Whether IATA Cargo-IMP, AHM, SSIM, SWIFT, EDIFACT, X12, EDIFICE, EANCOM, TRADACOMS, GENCOD, IEF, SPEC-2000... just name them and you can transform these Electronic Data Interchange standards with this tool... both ways: EDI to XML (with the Parser and optionally XSLT) and XML to EDI (with XSLT).

'Regular expressions (regex or regexp in short) do look screwy, that's a fact. The reason, for me, is that you cannot expect to guess their meaning as easily as you can read and understand intuitively program code in a language you do not master too well. Any guessing attempt will be defeated until you are explicitly told about the very special meaning of a bunch of commonplace characters like . * + ? | ( [ { \\ ^ $ and obviously the closing ) ] } .

Count them! we have only 11 special characters, no more. If you know them, you'll understand and develop 95% of the regular expressions that you'll need. You will spend 5 minutes extra about the others, usually looking for the meaning of a seldom used flag in the reference documentation.

How much Un-structure can you afford to handle?

Whereas most parsers require well defined delimiters, tags, or fixed size fields to grasp data fields and carry on transformations, the parser that we are about to present is capable of extracting data from look-alike stuff. Its mapping power is directly related to that of regular expressions which are state-of-the-art in pattern matching. Data resisting pattern matching by being even less structured would imply concepts like ontologies and semantic nets which are not in scope here.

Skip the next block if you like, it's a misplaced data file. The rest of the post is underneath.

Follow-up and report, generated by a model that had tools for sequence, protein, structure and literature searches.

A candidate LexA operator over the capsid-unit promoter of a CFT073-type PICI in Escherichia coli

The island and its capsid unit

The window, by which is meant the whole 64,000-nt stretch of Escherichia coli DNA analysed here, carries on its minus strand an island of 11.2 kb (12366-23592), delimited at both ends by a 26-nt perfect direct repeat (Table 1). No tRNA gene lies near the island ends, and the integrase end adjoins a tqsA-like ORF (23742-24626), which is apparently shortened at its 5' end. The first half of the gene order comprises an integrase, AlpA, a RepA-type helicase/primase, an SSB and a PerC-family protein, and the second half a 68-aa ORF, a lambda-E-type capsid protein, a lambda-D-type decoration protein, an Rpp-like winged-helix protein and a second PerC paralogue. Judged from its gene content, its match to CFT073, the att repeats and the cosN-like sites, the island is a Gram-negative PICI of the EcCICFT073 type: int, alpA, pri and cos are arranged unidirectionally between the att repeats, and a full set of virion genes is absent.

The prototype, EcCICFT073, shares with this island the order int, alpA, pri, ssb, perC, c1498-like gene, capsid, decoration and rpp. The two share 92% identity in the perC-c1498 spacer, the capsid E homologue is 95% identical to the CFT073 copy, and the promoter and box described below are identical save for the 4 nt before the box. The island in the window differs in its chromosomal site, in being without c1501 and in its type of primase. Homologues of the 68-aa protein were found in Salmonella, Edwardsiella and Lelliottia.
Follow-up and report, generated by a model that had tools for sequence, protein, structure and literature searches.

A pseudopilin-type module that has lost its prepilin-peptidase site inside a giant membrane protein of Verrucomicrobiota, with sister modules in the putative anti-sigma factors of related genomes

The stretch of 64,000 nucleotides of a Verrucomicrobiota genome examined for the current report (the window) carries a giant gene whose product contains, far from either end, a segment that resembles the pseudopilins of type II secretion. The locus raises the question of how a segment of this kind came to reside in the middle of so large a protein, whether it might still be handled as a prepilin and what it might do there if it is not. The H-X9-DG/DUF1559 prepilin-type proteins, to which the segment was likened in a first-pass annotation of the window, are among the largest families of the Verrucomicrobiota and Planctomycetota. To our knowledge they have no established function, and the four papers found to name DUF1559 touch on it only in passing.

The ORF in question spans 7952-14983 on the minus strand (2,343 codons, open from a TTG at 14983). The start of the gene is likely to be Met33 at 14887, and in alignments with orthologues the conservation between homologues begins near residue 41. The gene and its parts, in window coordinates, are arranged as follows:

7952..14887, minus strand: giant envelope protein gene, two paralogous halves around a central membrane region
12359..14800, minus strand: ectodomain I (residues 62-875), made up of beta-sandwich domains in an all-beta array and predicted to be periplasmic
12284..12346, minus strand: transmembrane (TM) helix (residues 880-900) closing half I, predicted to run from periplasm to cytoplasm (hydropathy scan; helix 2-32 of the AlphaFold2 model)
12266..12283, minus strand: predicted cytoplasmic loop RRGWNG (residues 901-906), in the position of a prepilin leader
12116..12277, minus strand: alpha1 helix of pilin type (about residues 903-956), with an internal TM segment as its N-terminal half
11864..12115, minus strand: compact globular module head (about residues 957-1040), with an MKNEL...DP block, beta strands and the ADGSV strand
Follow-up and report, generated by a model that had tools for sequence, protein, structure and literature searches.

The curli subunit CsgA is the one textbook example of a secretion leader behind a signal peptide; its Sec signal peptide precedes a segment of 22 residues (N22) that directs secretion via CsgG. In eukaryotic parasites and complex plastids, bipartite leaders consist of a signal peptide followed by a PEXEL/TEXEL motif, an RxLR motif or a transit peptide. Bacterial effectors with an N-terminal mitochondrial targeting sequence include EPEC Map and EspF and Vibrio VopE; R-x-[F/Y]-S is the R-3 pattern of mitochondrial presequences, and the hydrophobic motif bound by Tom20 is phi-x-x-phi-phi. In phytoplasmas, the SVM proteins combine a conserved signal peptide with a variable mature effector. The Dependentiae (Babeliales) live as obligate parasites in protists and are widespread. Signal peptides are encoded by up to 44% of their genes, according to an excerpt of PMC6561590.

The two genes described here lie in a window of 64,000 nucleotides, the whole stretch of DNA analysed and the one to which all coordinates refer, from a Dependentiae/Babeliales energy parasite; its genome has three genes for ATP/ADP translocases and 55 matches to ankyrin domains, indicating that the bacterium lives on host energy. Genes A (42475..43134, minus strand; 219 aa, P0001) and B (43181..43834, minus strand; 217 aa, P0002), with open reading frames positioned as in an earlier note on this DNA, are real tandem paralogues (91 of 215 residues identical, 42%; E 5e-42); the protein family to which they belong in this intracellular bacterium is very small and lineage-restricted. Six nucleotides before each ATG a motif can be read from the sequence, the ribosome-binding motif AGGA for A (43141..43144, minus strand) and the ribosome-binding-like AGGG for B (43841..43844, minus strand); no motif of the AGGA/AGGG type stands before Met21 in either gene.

There is a significant gap between a regular expression software library providing just the raw capability to match a pattern, as sophisticated as it can be, and the final production of an XML document. That is indeed the added value of the reverseXSL software: regular expressions are organized to conduct four tasks (identify, cut, extract, and validate) in turn, and recursively, till reaching the atoms of data which must be output into your XML document.

Please ensure that you have read the Accelerated regex tutorial - PART 1 before  continuing.

The tutorial has been divided in two parts only for the ease of managing web pages limited to a fair size.

This part is quite smaller than PART 1 and contains only 4 lessons.

CSV exports from MS-Excel® as much as CSV-alike files from other sources seldom look like neatly repeated sequences of comma-separated lines featuring the same positional elements from the first to the last line in the file. For instance, MS-Excel® ensures that every row yields one line with a constant number of comma-separated fields, but the meaning of fields in each row often vary with its relative position in the sheet. Typically, a sheet containing a variable length table features three zones: a set of heading lines that you will also want to map, a body of repeated table rows in variable quantity, a trailer with totals and other calculated values. In addition, double quotes pop-up around numbers and strings dependent from the value being framed; their presence is not fixed. Similar considerations apply to other CSV brands.

How would you like to handle this?